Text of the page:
Staff we spoke to found communication during the change process to be clear, consistent, regular, and accessible. This was vital as the change process was rolled out in 16 countries, each with its own cultures and practices. Leadership was visible, with the SRO regularly appearing in videos to staff about the change process. This contributed to staff's commitment to the change process.
Communication about the decision to keep parts of the core visa processing system could have been stronger. Some staff we spoke to felt that the lack of clear communication about this led to some confusion about what was being changed and how.
The Vision 2015 Programme board provided an effective steer for the programme through clear decision-making. Decisions were based on clear and timely information provided to the Vision 2015 Programme Board on the progress of the various projects and overall programme. There was regular reporting of risks and issues to the board, allowing for corrective action and mitigation when required. Other stakeholders, such as the responsible minister, were kept informed of progress and, when required, provided effective challenge and decisions, including supporting additional funding to ensure that more benefits can be realised.
Immigration New Zealand deliberately took a top-down approach11 in leading the Vision 2015 Programme. People with the right capability and understanding of the business were employed. The increased number of visa applications, and the need to keep visa processing services operating in a global environment, needed a deliberate and directive approach to manage the change.
Immigration New Zealand's approach would not suit all change management programmes. In this case, the approach Immigration New Zealand took reduced the risk of failure. An important lesson is that organisations need to choose the management style that best suits their circumstances.
The effective leadership created a culture of staff engagement and buy-in. It also created a positive environment where staff trusted management to effectively lead, deliver, and support staff through the change process. However, there was less positivity in the offices that were under review for potential closure, in part because of the uncertainty and the time it took to complete the review process.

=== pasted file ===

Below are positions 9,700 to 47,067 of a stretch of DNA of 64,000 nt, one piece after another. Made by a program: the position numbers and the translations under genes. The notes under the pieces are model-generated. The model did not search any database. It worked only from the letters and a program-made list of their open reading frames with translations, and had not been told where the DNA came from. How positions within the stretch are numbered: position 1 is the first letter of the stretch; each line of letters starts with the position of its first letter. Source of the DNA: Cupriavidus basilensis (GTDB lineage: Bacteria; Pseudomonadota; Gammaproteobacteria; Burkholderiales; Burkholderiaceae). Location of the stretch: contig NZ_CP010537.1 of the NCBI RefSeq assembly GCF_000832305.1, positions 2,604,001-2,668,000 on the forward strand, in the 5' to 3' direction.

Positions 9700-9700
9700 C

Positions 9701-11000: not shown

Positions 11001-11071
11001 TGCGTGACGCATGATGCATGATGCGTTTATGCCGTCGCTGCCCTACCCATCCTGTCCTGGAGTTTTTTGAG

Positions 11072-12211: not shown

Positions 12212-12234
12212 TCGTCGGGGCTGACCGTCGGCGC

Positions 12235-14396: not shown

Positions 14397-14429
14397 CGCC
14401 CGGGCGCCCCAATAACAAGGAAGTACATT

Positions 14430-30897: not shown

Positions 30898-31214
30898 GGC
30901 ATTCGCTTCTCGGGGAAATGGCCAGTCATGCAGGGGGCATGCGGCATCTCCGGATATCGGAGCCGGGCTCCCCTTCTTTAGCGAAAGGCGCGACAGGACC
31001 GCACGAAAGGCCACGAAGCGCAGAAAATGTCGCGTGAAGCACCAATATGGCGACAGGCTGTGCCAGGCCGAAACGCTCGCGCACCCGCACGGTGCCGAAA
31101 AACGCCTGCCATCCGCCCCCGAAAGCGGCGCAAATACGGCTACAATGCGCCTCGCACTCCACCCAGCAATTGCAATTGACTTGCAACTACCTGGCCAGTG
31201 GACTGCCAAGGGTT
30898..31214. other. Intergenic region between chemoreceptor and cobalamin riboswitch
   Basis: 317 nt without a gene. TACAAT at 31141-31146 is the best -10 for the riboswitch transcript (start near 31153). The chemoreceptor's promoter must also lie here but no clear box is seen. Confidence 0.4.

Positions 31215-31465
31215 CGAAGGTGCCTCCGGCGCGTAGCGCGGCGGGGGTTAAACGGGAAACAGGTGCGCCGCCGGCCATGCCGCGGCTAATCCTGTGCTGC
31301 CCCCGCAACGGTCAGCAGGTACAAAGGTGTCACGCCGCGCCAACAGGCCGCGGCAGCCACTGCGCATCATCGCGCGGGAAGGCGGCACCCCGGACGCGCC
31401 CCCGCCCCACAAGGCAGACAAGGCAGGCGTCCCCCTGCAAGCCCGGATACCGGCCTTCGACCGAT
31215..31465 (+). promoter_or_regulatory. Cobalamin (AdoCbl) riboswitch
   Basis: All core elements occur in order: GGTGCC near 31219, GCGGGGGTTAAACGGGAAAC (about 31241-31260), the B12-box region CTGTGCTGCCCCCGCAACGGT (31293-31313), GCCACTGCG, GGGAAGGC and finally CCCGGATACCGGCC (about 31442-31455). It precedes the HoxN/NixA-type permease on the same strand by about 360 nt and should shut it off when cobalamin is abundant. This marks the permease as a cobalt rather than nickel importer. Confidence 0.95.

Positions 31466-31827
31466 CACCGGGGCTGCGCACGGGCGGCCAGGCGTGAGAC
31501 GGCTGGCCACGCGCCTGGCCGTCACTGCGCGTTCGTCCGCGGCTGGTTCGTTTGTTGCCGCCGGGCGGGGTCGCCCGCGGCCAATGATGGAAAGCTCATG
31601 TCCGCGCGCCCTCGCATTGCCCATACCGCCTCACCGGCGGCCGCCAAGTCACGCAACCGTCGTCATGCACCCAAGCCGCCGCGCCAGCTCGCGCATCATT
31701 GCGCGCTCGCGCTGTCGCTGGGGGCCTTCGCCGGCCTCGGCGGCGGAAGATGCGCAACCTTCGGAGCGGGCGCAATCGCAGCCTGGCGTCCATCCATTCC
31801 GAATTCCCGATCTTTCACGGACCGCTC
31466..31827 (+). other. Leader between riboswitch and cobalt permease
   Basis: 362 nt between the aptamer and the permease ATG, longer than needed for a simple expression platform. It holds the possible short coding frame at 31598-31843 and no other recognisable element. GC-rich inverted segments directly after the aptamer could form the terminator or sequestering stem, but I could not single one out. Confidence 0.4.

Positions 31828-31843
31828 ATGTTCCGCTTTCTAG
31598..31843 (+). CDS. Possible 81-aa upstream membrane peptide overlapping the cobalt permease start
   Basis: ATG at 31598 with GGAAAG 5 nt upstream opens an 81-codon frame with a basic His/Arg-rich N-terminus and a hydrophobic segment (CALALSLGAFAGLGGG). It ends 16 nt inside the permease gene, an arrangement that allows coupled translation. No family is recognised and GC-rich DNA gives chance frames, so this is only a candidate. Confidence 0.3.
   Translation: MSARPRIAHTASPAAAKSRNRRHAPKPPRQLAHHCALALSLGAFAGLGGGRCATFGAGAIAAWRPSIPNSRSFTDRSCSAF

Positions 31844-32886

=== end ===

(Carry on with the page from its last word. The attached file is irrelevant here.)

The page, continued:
A flexible approach to programme management
Immigration New Zealand adapted its approach to change. The long lead-in period to starting the Vision 2015 Programme increased the pressure to deliver improvements in a more timely way. Failure to adapt and deliver the Vision 2015 Programme within a reasonable time frame and cost could have significantly affected New Zealand's economy, reputation, and security. This factor heavily influenced the approach taken by Immigration New Zealand after 2011.
Immigration New Zealand adopted an agile12 approach to change and delivery of benefits after 2011. This enabled the Vision 2015 Programme to adapt to changing needs and circumstances. Examples of an agile approach we have highlighted in this report include:
- delaying the roll-out of the identity management system to allow for further testing; and
- moving to fixed-price contractual arrangements.
A major step forward for the Vision 2015 Programme was adopting a minimum viable solution.13 This took a long time to establish and was possible only after Immigration New Zealand adopted an agile approach. This agile approach allowed Immigration New Zealand to have an affordable option for ICT enhancements that could be delivered in a flexible and timely way. After the minimum viable solution approach was adopted, it became clear that extra benefits worth more than $5 million a year could be achieved with a further investment of $28.4 million. The Government approved this investment and enhancements to the Vision 2015 programme are being made.
There was a change in how ICT was procured. Although good practice and public sector standards were followed, a view supported by external assurance, a new approach was adopted part-way through the Vision 2015 Programme. The contract with the main supplier was renegotiated to provide for a fixed-cost approach for key components of the Immigration Global Management System. Payment was based on performance and milestones achieved. This replaced a broader approach where costing was based on work required to deliver the whole project.
Fixed-price contracts gave Immigration New Zealand greater control of budgets and reduced the risk of overspending. This change of approach did carry some risks for supplier relationships, but these relationships were managed.
Another important factor in Immigration New Zealand's success in delivering the Vision 2015 Programme was its pragmatism during the four years from 2012.
As Immigration New Zealand needed to deliver 29 projects in a complex and global environment, it did not to try to ensure that each project was perfect before introducing it. Projects were released once they were good enough. This was to ensure that time frames and milestones were met, and that interdependence with other projects was maintained.
Student Online (the online service for international students to apply for visas) was rolled out first, because this was a relatively small change to the visa processing service. This enabled Immigration New Zealand to test this enhancement live without greatly affecting the integrity of the visa processing service.